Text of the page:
December 6th saw the return of the bi-annual internal Hackathon. The six months since the June Hackathon had just flown by, and we were ready to set ourselves new challenges.
The aim is to give some time for us to play with some technology. It might be a new language, a new API, a new technique, or a new idea. It is normally software, but might be hardware. We are a bunch of people with inquisitive minds, that love to explore technologies and solve problems.
The lead up to the event had us sharing ideas over Slack. Some ideas were things that someone would like to see, some were things that someone was thinking of trying, some ideas were triggered off of those discussions. There may be teams starting to form in preparation to work on a common goal. Sometimes we have a semi-coherent theme that emerges, but not this time.
The format starts with us gathering at lunchtime, where between mouthfuls of pizza, we stand up and pitch our hack. The pitch is a brief description of what we are hoping to achieve, what aspects we’re hoping to find interesting, and to drum up team members if required.
It is at this point you can see the popular themes. This time there were no soldering irons as all of the hacks were software. Looking across the hacks, 5 involved machine-learning, 3 were to be web applications, 2 were using 3rd party APIs, 2 were information mash-ups (a hack can fall into multiple categories).
The hackers are full of optimism (and pizza), and have been goaded into scope creep on their base idea. We are all ready to leap onto our keyboards.
Some team remained to undertake the hacks in a social manner, and some dispersed for familiar workstations. There were periodic mutterings, small cries of elation, and other noises of development. If a break from the keyboard was needed, a tour of the other teams for a brief update provided welcome relief.
The hackathon continued through the afternoon, with people staying as long as they wanted, or were able. Some of us retired to a local hostelry before returning home. Some returned to the keyboard in the evening, because just half an hour more could see great results.
The following lunchtime, we reconvened (no pizza this time), and each team was given 3 minutes to present their hack. This is enough time to describe what was achieved, what was not achieved, any interesting findings, and a short demonstration.
It was not just those that had taken part that were there for the presentations, but a broad slice across the company.
All but one of the hacks were ready to make a presentation, one of them was even submitted as a video due to being out of the office.
The hacks (in presentation order) were:
- John - "Little Shop of Horrors"
Use neuro-evolution to solve a simple game to move a player to a food target. The neural network evolved to the point that it looked promising. It started towards the target, but then strolled past.
- Mark - “Deep Art”
Use genetic algorithms to generate masterpieces depicting a dog. The hack focused on evolving a blob based painter towards a selected picture. The live demonstration actually produced a vaguely recognisable result.
- Ash - “Bandalyser”
A webapp using the Spotify API to see how a band’s style has changed over time. View the energy, danceability and valence of the albums and tracks over time.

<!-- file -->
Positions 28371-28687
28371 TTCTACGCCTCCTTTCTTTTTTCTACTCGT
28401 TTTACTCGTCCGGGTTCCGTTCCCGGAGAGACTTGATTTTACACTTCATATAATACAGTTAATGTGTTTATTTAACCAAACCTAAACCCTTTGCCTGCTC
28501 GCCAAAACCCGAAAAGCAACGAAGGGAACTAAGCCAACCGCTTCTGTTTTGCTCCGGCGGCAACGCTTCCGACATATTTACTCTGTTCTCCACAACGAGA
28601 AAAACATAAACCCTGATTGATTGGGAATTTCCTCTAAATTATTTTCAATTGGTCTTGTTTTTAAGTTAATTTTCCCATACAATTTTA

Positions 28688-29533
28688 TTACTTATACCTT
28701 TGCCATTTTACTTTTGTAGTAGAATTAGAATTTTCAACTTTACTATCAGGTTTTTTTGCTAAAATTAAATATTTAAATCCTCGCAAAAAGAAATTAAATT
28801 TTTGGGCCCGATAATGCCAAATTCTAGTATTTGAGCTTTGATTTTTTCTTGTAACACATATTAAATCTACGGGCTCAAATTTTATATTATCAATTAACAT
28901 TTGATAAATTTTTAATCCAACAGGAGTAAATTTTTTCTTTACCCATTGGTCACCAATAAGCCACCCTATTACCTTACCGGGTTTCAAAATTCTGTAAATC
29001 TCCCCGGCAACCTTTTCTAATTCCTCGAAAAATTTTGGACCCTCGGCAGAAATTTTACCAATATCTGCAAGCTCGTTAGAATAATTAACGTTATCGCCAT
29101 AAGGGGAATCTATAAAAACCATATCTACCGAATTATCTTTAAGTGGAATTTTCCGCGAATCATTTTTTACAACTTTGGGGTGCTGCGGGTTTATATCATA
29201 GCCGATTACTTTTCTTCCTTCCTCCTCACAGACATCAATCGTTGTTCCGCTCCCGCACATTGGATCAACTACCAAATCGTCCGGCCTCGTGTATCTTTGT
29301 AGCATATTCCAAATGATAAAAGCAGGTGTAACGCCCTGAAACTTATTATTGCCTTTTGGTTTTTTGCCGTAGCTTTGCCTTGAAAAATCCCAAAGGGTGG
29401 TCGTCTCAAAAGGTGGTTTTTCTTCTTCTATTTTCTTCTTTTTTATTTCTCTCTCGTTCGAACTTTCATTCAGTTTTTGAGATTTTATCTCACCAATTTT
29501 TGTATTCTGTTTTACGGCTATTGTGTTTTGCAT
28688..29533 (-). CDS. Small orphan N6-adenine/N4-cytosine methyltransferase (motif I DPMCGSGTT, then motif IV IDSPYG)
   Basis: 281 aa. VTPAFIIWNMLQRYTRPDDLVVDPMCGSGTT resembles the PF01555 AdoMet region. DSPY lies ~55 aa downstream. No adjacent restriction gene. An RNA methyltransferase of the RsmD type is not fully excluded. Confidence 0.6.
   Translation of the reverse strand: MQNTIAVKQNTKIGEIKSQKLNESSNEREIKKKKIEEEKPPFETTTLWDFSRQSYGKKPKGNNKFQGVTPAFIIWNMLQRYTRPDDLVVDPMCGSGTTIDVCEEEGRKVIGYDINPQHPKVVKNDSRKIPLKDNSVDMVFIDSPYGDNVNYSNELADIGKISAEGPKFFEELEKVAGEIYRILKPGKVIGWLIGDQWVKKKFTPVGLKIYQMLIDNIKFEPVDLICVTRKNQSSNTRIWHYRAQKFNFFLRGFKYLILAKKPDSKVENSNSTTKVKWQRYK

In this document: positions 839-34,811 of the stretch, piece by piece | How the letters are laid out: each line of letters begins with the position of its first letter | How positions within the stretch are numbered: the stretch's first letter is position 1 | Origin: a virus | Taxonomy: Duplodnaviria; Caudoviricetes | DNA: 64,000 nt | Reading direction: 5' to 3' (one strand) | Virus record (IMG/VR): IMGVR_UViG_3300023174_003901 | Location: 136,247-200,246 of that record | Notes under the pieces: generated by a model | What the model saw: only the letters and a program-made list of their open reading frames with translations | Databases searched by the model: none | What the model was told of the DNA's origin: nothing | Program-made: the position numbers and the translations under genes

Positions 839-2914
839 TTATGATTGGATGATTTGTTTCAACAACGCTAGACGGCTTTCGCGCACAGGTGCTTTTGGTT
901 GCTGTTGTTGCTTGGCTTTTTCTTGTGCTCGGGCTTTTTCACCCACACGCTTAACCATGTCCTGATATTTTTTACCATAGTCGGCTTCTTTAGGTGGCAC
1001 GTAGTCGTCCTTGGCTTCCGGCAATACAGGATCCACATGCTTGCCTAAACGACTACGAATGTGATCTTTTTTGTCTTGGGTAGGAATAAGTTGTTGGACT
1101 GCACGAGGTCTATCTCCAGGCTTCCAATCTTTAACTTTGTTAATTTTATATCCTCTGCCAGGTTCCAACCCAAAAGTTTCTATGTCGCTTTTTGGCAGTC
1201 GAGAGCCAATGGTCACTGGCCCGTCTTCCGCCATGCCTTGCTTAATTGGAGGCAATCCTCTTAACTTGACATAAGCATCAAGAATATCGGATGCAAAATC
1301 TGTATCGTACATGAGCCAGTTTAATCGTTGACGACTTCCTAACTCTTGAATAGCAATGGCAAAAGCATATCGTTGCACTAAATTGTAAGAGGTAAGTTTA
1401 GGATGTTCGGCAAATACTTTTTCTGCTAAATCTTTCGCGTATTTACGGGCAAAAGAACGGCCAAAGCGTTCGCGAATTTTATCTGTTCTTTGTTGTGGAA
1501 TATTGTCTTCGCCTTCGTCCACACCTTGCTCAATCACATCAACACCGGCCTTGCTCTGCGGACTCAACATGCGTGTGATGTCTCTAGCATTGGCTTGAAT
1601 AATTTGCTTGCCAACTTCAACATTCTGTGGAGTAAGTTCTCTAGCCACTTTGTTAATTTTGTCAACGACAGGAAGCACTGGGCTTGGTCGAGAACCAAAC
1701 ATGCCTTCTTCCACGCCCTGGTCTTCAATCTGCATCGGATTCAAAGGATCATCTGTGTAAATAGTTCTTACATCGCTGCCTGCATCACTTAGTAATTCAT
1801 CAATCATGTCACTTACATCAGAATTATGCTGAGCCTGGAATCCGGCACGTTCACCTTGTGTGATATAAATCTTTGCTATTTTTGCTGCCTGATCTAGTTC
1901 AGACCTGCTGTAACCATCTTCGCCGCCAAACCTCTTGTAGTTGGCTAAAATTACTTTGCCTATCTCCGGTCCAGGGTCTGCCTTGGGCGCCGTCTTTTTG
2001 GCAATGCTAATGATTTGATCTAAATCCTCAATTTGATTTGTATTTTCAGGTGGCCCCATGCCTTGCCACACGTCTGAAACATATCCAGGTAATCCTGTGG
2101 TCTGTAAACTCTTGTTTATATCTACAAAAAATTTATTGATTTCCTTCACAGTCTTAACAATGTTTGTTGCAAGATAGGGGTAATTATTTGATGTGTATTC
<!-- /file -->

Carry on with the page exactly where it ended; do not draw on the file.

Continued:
- Ian - “Neuro Evolving Parallel Parking”
Using a 2D parking simulator with physics engine, attempt to evolve an AI to parallel park a car. Problems with the fitness function meant that some of the worst parking seen was replicated.
- Nick - “FIT for nothing”
A web application to upload a GPX route, process in the browser, and download as a FIT course for use on a Garmin cycle computer. The parsing within the browser of the GPX was successful, the binary FIT file was generated, but the downloading failed.
- Sam - “Deep Writing”
A neural network was trained on the text from a book, and then given the start of the text and the number of characters to generate. Despite being trained with individual letters, it managed to generate mostly words from the Wizard of Oz.
- Nik - “The Bit One”
This was looking at taking build status from BitBucket pipelines, and displaying on an information radiator. A successful proof-of-concept was demonstrated.
- Andrew - “Python ML Experiment”
This was to investigate how a machine-learning library could be used. The opportunity for presenting was declined.
- Simon & Chris - “Where’s my train”
Trying to ease the problem of finding out how your train is running. Combining the phone location with open data sources to determine nearby stations, and then use that to lookup the train.
At the end of the presentations, each person had 3 votes to assign to the hacks. You could either choose your 3 favourite hacks, or assign all 3 votes to a single hack.
The final tallying of the marks was watched with great attention, garnering “oohs” and “aahs” as it emerged that it was a close run at the top.
The hackathon was not just about the investigations, the kudos, and the satisfaction. It is also about the prizes.
The top 3 hacks were:
- Bandalyser - Ash (16 votes)
- Deep Writing - Sam (15 votes)
- Deep Art - Mark (10 votes)
What I find interesting is that the voting is not the end. You will stumble across conversations in the kitchen about further improvements made, alternative approaches, and lessons learned.
Time to ponder ideas for the next hackathon...